Personalisation: a pandemic learning curve for the HR function
- 5 Min Read
The need for personalisation in business has been amplified by COVID-19 – but will we maintain it?
Whenever a crisis occurs, key takeaways always emerge. After the September 11 2001 attacks in the United States, improving relationships was a priority and American keepsakes were popular; but over time, relationship challenges returned and American hoopla declined. And after the 2008–2009 global financial crisis, individual, corporate, and government debt declined, but now debt is as high as ever.
The crises (global pandemic, social injustice, political quarrels, economic variability) that have occurred during past last 12 months are no different. There is bound to be a lasting legacy, but the question is ‘what?’.
I have heard many thoughtful answers: advancing the digital revolution; redefining work boundaries to include virtual work; increasing social citizenship with an emphasis on diversity; harnessing uncertainty through agility; renewing relationships with family and friends; managing emotional resilience. You fill in the blank.
Personally, however, I hope the lasting legacy is personalisation.
Focusing on the person
Personalisation is about the person. When we think of this topic in the world of business, we can refer to a number of different facets: emotion, empathy, engagement, experience, efficacy, and so on. These words tend to show up with greater frequency as the working world becomes more progressive.
When last year’s physical challenges came, the emotional needs of the afflicted and those associated with them mattered as much as physical needs. As a result, many organisations have recognised the need to become communities where employees find resources that provide personal, emotional support.
Empathic leadership will hopefully be the new norm as leaders begin to both listen to and hear their employees. With empathy, respecting differences is less an event and more an ongoing habit.
Employee experience has become a critical element of the work experience as employees believe (find meaning), become (learn and grow), and belong (connect with others). Employee experience is a lead indicator of customer experience and investor confidence.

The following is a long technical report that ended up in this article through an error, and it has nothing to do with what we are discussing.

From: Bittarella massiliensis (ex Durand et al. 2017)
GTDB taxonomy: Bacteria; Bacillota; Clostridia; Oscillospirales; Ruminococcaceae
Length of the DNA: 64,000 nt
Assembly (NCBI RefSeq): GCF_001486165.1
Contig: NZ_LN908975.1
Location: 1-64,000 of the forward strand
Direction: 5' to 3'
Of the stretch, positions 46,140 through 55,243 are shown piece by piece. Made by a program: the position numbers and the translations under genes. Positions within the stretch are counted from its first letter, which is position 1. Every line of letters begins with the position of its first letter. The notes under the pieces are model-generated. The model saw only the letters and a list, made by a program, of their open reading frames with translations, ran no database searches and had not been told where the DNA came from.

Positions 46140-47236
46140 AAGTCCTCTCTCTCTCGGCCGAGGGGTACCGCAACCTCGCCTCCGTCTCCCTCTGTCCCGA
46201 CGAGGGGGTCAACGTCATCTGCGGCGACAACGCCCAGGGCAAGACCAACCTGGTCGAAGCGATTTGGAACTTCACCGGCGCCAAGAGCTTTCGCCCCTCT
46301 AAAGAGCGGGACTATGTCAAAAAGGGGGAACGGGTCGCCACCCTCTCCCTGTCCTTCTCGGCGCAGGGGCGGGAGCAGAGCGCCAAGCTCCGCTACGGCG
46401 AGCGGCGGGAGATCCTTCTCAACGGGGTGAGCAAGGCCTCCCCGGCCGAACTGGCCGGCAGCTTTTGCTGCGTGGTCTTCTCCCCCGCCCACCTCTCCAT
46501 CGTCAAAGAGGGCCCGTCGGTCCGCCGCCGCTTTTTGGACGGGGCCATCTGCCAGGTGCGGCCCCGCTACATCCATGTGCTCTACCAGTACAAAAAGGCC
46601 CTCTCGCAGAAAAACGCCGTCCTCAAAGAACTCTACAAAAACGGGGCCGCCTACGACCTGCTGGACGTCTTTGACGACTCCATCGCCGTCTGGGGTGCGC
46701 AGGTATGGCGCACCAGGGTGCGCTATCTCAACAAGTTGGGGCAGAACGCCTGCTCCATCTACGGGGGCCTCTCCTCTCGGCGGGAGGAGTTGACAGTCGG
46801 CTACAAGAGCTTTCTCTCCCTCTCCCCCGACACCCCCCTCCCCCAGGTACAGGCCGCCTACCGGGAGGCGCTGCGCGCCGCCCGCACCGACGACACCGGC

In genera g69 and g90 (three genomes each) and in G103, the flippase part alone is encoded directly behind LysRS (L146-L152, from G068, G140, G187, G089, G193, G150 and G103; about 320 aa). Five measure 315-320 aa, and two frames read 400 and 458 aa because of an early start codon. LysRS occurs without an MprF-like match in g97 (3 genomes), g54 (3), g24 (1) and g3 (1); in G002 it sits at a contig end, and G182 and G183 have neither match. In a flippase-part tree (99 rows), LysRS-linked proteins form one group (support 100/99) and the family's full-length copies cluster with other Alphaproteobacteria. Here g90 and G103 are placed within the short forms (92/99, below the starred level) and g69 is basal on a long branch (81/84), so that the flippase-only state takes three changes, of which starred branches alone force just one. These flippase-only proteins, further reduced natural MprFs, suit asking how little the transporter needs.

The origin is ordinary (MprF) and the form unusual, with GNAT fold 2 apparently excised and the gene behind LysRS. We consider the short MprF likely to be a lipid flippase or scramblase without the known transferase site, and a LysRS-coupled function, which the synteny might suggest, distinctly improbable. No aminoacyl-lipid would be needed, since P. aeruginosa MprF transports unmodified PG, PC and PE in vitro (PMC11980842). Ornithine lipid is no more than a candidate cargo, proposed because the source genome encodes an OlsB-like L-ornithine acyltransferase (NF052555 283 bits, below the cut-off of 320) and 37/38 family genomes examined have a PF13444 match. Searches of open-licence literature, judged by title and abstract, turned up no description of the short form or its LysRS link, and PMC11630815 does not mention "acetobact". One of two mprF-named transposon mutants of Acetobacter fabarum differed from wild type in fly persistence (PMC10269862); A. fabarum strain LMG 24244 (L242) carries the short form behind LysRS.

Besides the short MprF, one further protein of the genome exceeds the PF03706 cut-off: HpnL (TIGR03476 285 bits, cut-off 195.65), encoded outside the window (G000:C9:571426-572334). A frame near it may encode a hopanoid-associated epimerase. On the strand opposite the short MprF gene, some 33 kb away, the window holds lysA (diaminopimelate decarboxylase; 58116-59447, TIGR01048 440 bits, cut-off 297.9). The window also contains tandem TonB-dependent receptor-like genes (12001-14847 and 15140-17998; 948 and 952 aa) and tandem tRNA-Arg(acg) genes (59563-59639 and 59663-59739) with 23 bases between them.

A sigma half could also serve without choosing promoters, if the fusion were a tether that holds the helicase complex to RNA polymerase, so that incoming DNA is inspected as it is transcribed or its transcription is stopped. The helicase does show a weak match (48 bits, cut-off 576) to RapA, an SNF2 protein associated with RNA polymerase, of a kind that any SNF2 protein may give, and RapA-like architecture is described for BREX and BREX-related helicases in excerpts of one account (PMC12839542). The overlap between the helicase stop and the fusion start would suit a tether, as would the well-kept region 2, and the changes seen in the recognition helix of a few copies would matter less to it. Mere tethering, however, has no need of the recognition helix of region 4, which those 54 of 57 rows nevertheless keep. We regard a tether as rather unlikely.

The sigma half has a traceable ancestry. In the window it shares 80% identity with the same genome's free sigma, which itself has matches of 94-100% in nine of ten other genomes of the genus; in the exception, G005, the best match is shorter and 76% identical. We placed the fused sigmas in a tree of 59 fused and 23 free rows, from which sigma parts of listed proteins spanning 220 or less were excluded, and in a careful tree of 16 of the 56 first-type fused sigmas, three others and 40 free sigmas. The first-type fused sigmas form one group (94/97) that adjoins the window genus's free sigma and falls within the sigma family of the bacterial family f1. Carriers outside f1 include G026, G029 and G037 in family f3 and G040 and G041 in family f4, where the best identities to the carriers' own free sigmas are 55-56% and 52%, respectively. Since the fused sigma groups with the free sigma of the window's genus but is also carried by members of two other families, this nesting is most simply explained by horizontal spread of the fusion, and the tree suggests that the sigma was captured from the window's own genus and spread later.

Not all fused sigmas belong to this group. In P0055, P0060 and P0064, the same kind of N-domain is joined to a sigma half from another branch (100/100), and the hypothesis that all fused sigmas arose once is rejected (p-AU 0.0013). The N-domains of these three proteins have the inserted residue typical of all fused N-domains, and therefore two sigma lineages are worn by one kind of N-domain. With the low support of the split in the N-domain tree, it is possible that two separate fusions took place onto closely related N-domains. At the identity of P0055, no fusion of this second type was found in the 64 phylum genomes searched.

With the increased turmoil around us, many have had to discover their personal efficacy by defining and redefining what success means. Instead of tracking public activity (e.g. meetings attended, flights taken, goals accomplished), success has become more about private reflections on values recognised and realised (such as caring for and reaching out to others, learning new skills).
Hopefully these elements of personalisation will remain even as the world reopens.
Crucially, personalisation also refers to creating more bespoke, tailored solutions at both the individual and organisational level.
At the individual level, as the French phrase à chacun son goût implies, no two people are alike. The recent crises reinforce differences: sacrificing work for family, working virtually versus in person, acquiring new digital skills, having divergent political views, coping with the emotional demands differently, and defining success differently.
The diversity movement reminds us that we are all different. As a simple exercise, you are unlikely to find someone in the same room at work wearing the same pair of shoes that you wear. The shoes that you like are not likely worn by others even in your same social network. But much more profound than shoes, individuals differ in their demographics (e.g. race, gender, age, education, lifestyle), professional ambitions and personal goals.
Personalisation at work then means that while different, everyone has something to offer to help the collective organisation or community become more than the individual parts. That offering may be a perspective, skill, or experience. Leaders who appreciate diversity and yet establish unity create adaptive, innovative, and agile organisations.
These leaders don’t start by telling others what to do, but they discover what matters to each employee and then help them recognise that he or she can meet personal goals by engaging in the collective organisational goal.
Leaders often assume that others may want what they want and therefore act the way they would act. However, a leader with ambition to be promoted, for example, may have to recognise that someone else may want more time off for personal reasons. Instead of this leader assuming others will have his or her ambition, they can help others reach their goals through their unique contribution to the organisation.
At the organisational level, personalisation moves attention from benchmarking and best practices to guidance (where leaders focus on what matters most to their organisation).
Comparing an organisation’s human capital (or other) investments with another’s is no longer enough – leaders need to define their organisation’s unique (and personalised) human capital requirements based on the desired outcomes. An organisation working to reinvent its strategy from product to service or to a more digital platform may have different human capital requirements than an organisation working to gain market value or customer share.
The work we have done through our Organization Guidance System (OGS) helps leaders personalise and tailor their human capital investments. By starting with clarity about the results an organisation seeks, leaders can then identify which human capital investments will accomplish those results. We have helped organisations assess which of five outcomes they want to achieve and which of 37 human capital initiatives they should focus on to make the outcomes happen. In another post, I will discuss the implications of these findings. Simply stated here, personalisation helps organisations know where to focus investments to deliver key outcomes.